Alaska Public Media multimedia journalist Jeff Chen photographed the 2021 World Eskimo-Indian Olympics on Thursday and Friday evening in Fairbanks.
Here’s a snapshot.
The 2021 World Eskimo-Indian Olympics was nostalgic for many who attended last week. The games were held at the Big Dipper Ice Arena in Fairbanks, which was a throwback to earlier years, and it was also the 60th anniversary of the event.
“I just keep telling myself it’s just another competition,” said Ezra Elisoff. “But on the inside, I’m really ecstatic and excited, because there’s usually a lot of nice faces around.”
Elisoff, 17, who is Tlingit, attends Thunder Mountain High School in Juneau. In the men’s division he won first place in Indian Stick Pull, second place in Scissor Broad Jump and third place for both Two Foot High Kick and Knuckle Hop.
The games played at WEIO are a test of the body and spirit, a way to teach the preparedness needed for survival in northern communities, according to the pamphlet handed out at the event.
“The Olympics are more of a western-style sport, so it’s like everyone has their own technique that they don’t really share,” said Elisoff. “The World Eskimo-Indian Olympics — it’s an Indigenous sport — and we always think of it as we’re fellow hunters trying to help each other. So, we always give each other advice, because realistically, back when you were hunting with other people, you’d wanna help build them up, because you don’t want them to go home and leave their families hungry.”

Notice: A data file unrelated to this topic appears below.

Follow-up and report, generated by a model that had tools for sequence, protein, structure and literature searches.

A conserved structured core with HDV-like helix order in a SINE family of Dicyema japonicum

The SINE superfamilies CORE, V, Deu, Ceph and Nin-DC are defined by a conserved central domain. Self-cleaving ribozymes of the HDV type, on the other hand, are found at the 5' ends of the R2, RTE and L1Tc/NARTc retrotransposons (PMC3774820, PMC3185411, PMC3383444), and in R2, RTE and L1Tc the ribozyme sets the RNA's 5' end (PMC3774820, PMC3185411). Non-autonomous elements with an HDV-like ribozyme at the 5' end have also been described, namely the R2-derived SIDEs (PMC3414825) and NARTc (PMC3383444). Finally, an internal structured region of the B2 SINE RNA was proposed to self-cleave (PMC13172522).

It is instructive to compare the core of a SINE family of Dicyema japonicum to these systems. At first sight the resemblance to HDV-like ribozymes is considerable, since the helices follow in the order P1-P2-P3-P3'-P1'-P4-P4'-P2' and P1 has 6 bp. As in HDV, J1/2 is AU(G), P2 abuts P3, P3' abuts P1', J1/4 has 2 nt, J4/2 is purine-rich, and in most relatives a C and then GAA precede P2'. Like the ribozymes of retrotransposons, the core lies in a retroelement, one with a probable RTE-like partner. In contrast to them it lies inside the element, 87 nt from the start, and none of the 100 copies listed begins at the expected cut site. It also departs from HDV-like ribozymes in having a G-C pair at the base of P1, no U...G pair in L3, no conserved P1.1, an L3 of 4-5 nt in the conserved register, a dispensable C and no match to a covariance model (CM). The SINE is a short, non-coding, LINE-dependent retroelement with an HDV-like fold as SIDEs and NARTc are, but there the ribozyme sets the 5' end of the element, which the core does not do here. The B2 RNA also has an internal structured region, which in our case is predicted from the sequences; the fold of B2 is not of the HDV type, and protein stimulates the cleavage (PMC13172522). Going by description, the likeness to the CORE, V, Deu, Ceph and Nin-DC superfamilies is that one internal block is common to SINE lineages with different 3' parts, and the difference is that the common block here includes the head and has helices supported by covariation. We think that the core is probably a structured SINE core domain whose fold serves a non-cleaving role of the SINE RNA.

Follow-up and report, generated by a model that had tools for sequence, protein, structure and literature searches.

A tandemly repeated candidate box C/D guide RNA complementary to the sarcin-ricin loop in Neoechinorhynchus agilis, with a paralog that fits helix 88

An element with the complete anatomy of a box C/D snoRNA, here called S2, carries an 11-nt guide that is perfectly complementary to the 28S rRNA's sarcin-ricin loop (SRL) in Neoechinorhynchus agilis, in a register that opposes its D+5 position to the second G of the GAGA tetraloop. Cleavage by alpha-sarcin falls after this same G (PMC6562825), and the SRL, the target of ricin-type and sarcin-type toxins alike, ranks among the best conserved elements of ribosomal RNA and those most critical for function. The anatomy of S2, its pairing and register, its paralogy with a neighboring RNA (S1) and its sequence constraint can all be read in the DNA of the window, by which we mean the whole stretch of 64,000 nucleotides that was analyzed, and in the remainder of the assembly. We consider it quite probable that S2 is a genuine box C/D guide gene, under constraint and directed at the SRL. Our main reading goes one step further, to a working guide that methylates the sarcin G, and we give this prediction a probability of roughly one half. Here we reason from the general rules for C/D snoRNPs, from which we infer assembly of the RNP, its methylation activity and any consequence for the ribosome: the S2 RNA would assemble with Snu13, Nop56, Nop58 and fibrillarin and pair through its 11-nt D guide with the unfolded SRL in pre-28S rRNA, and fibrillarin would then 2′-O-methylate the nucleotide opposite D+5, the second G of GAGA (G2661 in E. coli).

For public health safety, many of this year’s events were outside. But in the evenings, events took place inside the arena with some COVID-19 precautions.
Fans from around Alaska — and visitors from as far as Italy and India — cheered for the competitors as newly-acquired archival footage from the first WEIO in 1961 played in the background on a big screen. As a consequence of COVID-19, last year was the first cancellation in the games’ 60-year history.
Aizah Sullivan, 24, who is Absentee Shawnee, Muscogee Creek of Oklahoma, and Athabascan from Tanana, won first place in the Ear Pull competition.
“Ear Pull is to signify enduring frostbite,” she said. “It’s definitely a sign of self strength and perseverance.”
Sullivan said she felt a little nervous before the competition.
But, she added, “it’s a good nervous, because you know they expect you to be your best.”
“It’s super cool to be able to just compete with someone who’s just been there along their journey for so long,” she said. “We’re just here to keep our traditions going, and pass them down to our young ones and stuff. It’s great. It’s super great.”